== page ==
I haven’t posted in a little while – I’ve been putting off soldering down the nixie tubes onto the board (mostly because it’s a little annoying to bend the pins so that the tubes are vertical), so I’ve been working on writing the code for the project. I’m periodically interspersing the tube soldering, so I’ve only got two left! Anyway, I realize nobody wants to just see a bunch of code on a blog post, so bear with me as I try to make the information a little more digestible while preserving the important bits of this part of the project.
The Raspberry Pi will run basically anything you’d like on it as it’s just a Linux box. I decided to code this up in Python for simplicity and because I’ve done plenty of GPIO toggling in it before. However, you may notice that the design is very procedural, as if it were written in C – I guess my mind went to that immediately when I thought of doing an embedded systems project; now that I think about it, it may be more prudent to design the code in a more object-oriented kind of way – by, for instance, creating instances of objects for each nixie tube that hold member variables for their IO lists and states as well as member functions for writing a digit and so forth. I may overhaul the code, but this works for now.
I designed the code such that there would be no global variables, although I do have “constants” (Python can’t enforce that they stay constant) that are global. Here’s the constants, divided by category:
|SLEEP_TIME||30||Number of ms to sleep between every cycle of the main loop|
|CYCLES_PER_SECOND||1000 / SLEEP_TIME||Number of code loops (cycles) per second|
|SECONDS_PER_MINUTE||60||The number of seconds there are in a minute (now that’s a constant!)|
|EXT_TEMP_UPDATE_SECONDS||15 * SECONDS_PER_MINUTE||How often (in s) to update the external temperature (the API call is a little slow)|
|INT_TEMP_UPDATE_SECONDS||SECONDS_PER_MINUTE||How often (in s) to update the internal temperature|
|BUTTON_IO||10||IO pin on the Raspberry Pi header to which the button is connected|
|PIR_IO||8||IO pin on the Raspberry Pi header to which the PIR sensor is connected|
|BUTTON_PRESS_INIT_VAL||CYCLES_PER_SECOND / 15||How long the button needs to be held down for to register a press – for deboucing (2 cycles)|
|BUTTON_HOLD_INIT_VAL||CYCLES_PER_SECOND * 3||How long the button needs to be held down to register a hold (3 seconds)|
|PIR_DETECT_INIT_VAL||1 * CYCLES_PER_SECOND * SECONDS_PER_MINUTE||How long the PIR detector has to go without detecting motion before putting the Nixie tube display to sleep (1 minute)|
In addition to the above constants, there’s also a few constants required for the API calls (the strings and API keys) in the file nixie_helpers.py, as well the constant ROOM_TEMP_OFFSET, which is the temperature offset in Fahrenheit between the CPU temperature and the room temperature. I calibrated this out with a thermometer and it’s around 34°F at my place.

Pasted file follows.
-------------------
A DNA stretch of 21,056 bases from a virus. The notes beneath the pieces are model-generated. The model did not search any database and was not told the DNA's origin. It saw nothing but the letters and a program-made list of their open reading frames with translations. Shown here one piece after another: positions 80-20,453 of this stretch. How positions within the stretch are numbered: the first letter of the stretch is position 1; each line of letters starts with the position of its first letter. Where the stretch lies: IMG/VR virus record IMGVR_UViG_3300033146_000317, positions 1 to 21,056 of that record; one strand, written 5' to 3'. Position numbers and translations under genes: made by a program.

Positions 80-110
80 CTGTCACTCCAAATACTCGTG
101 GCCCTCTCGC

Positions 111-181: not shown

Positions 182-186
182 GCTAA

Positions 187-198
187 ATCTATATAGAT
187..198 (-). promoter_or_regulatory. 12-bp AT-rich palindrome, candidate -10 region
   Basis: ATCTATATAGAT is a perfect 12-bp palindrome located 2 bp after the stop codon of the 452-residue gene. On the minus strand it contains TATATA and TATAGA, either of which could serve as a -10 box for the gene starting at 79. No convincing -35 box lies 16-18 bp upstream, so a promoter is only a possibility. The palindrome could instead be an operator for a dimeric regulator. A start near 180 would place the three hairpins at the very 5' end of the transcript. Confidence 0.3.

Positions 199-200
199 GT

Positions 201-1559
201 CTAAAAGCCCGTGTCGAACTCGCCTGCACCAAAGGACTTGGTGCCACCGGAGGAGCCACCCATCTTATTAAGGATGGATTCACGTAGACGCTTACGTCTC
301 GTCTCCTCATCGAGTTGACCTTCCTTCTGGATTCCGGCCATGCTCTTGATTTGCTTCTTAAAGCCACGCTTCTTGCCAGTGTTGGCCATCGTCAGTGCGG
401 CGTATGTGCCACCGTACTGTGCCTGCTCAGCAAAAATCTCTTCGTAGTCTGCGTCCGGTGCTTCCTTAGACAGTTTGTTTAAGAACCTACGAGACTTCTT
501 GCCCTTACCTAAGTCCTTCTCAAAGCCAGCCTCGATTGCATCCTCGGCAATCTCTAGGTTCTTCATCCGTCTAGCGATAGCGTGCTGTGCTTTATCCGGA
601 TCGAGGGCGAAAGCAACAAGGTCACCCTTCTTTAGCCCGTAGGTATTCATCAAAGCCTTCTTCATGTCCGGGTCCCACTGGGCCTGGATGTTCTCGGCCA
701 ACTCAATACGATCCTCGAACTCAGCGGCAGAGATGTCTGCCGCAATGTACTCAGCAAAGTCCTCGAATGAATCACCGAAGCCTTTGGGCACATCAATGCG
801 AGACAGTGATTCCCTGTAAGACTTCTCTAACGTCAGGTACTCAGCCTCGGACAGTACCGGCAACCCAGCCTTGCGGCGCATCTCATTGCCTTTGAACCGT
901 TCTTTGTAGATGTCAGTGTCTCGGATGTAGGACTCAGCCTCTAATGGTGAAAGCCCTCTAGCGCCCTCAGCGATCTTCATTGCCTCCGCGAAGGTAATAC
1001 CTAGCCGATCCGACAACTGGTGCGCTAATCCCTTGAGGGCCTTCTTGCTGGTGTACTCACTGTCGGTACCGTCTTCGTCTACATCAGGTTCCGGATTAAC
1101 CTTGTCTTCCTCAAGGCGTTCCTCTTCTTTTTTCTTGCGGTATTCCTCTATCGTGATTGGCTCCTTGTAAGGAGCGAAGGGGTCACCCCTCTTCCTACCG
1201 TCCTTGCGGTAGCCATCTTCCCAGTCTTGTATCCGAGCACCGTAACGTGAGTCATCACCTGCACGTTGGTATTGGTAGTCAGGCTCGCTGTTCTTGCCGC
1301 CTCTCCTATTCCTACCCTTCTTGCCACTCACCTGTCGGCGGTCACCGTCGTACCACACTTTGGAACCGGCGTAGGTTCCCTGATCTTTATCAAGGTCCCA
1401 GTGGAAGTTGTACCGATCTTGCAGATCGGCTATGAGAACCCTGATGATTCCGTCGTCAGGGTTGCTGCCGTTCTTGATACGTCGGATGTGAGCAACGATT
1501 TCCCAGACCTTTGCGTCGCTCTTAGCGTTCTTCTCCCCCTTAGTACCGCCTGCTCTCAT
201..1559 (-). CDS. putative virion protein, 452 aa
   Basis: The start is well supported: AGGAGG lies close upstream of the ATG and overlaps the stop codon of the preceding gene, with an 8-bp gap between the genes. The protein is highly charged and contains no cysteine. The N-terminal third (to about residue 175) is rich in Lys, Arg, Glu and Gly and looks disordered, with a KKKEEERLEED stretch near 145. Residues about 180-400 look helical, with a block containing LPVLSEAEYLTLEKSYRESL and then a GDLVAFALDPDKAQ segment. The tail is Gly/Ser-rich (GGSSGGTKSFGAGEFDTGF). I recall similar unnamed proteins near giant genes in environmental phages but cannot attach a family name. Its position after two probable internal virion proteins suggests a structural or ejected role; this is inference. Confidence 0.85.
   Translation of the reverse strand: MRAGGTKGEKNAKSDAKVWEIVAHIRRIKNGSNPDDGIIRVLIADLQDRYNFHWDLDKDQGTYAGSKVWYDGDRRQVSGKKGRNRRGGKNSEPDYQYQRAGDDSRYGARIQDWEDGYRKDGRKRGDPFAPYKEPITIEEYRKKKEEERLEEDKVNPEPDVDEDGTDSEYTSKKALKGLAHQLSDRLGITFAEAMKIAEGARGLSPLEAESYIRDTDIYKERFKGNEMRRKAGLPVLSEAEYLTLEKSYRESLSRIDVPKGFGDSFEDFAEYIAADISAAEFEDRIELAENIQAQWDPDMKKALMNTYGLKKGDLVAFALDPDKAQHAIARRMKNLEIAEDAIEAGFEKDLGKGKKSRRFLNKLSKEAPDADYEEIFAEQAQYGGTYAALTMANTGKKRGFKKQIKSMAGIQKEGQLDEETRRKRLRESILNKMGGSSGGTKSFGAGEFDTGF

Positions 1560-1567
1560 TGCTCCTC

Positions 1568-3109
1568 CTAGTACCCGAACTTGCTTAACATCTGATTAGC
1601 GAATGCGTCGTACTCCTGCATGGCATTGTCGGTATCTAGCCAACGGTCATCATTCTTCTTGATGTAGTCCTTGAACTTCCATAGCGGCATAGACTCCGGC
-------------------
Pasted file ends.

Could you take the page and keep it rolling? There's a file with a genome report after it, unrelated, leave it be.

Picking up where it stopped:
The sole initialization function is initGPIOs(), which builds and returns a list of lists, where each one of the lists corresponds to the IO pins connected to the four bits driving the nixie tube decoders of that digit. So, for instance, the numbers in dig_H1 = [11, 7, 5, 3] correspond to the four IOs connected to the four binary bits on the decoder driving the tube of the first hour digit. This (and the rest of the connectivity) is illustrated below.
The function then initializes these GPIOs, configures them as outputs, and initializes the input GPIOs corresponding to the button and PIR sensor. The list of nixie tube IOs is returned to the Main() function to be used later for displaying the digits.
The variables are all initialized and kept track of locally in the Main() function. Here’s the table of these variables:
|Name||Value at Initialization||Description|
|button_press_timer||BUTTON_PRESS_INIT_VAL||How long the button must be held down for checkButton() to register a button press (this is done with the timer reaches zero)|
|button_hold_timer||BUTTON_HOLD_INIT_VAL||How long the button must be held down for checkButton() to register a button hold (puts the clock display to sleep or wakes it)|
|pir_timer||PIR_DETECT_INIT_VAL||How long the PIR sensor must go without detecting motion to put the clock to sleep (also done when the timer reaches zero)|